BACKGROUND: In contrast to the physiological expectation, observational studies show that greater protein intake is associated with subsequent body weight (BW) gain. An increase in fat-free mass (FFM) due to the anabolic effects of protein could explain this. OBJECTIVE: To examine associations between protein intake and subsequent changes in fat mass (FM) and FFM in longitudinal, observational data. DESIGN: A health examination, including measures of FM and FFM by bioelectrical impedance at baseline and follow-up 6 years later, was conducted. Diet history interviews (DHI) were performed, and 24-h urinary nitrogen collection at baseline was done. In total, 330 participants with DHI, of whom 227 had validated and complete 24-h urine collection data, were analyzed. Macronutrient energy substitution models were used. RESULTS: Mean estimated protein intake was 14.6 E% from DHI and 11.3 E% from urinary nitrogen. Estimated from DHI, FM increased 46 g per year, with every 1 E% protein substituted for fat (95% confidence interval (CI)=13, 79; P=0.006), and FFM increased 15 g per year (1, 30; P=0.046). RESULTS were similar in other substitution models. Estimated from urinary nitrogen, FM increased 53 g per year, with 1 E% protein substituted for other macronutrients (24, 81; P<0.0005), and FFM increased 18 g per year (6, 31; P=0.004). CONCLUSION: Within a habitual range, a greater protein intake was associated with BW gain, mostly in FM. This is in contrast to the expectations based on physiological and clinical trials, and calls for a better understanding of how habitual dietary protein influences long-term energy balance, versus how greater changes in dietary proteins may influence short-term energy balance.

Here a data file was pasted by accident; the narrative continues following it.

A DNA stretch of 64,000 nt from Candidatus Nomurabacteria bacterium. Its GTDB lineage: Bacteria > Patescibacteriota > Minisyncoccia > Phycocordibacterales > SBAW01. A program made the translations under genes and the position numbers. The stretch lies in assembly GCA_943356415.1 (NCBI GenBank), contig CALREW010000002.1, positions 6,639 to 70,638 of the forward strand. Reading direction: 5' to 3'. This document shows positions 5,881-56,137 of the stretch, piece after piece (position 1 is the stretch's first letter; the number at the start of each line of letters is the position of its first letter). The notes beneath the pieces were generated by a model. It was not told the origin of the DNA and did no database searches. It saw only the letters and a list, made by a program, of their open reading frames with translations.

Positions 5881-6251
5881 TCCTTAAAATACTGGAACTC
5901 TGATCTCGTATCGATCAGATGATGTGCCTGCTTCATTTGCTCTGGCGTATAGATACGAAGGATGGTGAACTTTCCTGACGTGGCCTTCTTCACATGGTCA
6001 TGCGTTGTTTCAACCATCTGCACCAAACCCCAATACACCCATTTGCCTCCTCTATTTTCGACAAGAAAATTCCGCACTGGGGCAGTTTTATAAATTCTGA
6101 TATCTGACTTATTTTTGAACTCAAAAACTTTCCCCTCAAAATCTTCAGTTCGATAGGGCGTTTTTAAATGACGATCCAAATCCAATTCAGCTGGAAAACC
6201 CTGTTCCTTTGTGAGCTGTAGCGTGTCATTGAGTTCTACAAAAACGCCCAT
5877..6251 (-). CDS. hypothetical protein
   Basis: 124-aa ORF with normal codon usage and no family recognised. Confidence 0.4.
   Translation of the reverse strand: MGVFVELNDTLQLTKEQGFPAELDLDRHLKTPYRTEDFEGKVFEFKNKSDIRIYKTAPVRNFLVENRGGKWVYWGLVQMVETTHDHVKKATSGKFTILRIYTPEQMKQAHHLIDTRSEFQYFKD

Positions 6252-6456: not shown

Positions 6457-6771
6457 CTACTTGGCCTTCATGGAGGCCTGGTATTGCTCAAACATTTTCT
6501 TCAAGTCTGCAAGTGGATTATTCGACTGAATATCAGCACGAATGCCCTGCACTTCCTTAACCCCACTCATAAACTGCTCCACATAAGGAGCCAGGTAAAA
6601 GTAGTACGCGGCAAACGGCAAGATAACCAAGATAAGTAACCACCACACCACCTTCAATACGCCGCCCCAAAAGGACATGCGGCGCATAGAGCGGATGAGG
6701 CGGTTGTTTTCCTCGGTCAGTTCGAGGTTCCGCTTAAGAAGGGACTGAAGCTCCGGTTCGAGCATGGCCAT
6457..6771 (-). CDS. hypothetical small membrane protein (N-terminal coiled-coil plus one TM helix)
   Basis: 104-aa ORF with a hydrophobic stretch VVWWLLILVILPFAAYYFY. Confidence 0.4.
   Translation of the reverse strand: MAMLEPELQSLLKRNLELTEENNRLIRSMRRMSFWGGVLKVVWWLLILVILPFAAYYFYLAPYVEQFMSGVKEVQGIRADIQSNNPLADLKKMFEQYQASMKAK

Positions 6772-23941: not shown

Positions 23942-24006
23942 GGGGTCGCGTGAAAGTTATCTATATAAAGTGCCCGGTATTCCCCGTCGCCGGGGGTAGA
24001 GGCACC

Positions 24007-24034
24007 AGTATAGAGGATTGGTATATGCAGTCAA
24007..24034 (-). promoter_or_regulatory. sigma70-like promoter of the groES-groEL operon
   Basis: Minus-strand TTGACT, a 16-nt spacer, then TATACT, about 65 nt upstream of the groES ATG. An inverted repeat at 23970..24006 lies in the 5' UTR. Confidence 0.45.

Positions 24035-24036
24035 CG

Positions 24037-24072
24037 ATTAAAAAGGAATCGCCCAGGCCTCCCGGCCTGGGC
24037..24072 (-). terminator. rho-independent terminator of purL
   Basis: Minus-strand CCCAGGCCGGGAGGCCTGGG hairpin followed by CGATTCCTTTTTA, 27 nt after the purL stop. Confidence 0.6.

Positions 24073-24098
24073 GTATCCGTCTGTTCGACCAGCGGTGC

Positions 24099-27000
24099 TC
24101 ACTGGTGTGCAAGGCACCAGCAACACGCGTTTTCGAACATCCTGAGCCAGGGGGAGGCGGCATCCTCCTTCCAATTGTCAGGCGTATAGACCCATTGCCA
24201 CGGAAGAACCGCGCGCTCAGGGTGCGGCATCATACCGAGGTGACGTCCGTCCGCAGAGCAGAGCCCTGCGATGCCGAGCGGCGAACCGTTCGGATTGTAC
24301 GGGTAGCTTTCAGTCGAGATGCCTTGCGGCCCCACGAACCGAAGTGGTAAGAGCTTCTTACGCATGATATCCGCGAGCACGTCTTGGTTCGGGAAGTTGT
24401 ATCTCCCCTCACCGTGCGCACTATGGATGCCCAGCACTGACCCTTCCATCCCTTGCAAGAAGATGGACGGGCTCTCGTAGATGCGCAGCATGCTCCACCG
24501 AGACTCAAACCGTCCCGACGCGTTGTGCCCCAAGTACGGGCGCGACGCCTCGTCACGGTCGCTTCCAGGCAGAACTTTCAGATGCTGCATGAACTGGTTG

International Journal of Obesity, 2015, Vol 39, Issue 1, p. 162-8
Journal Article; Observational Study; Research Support, Non-U.S. Gov't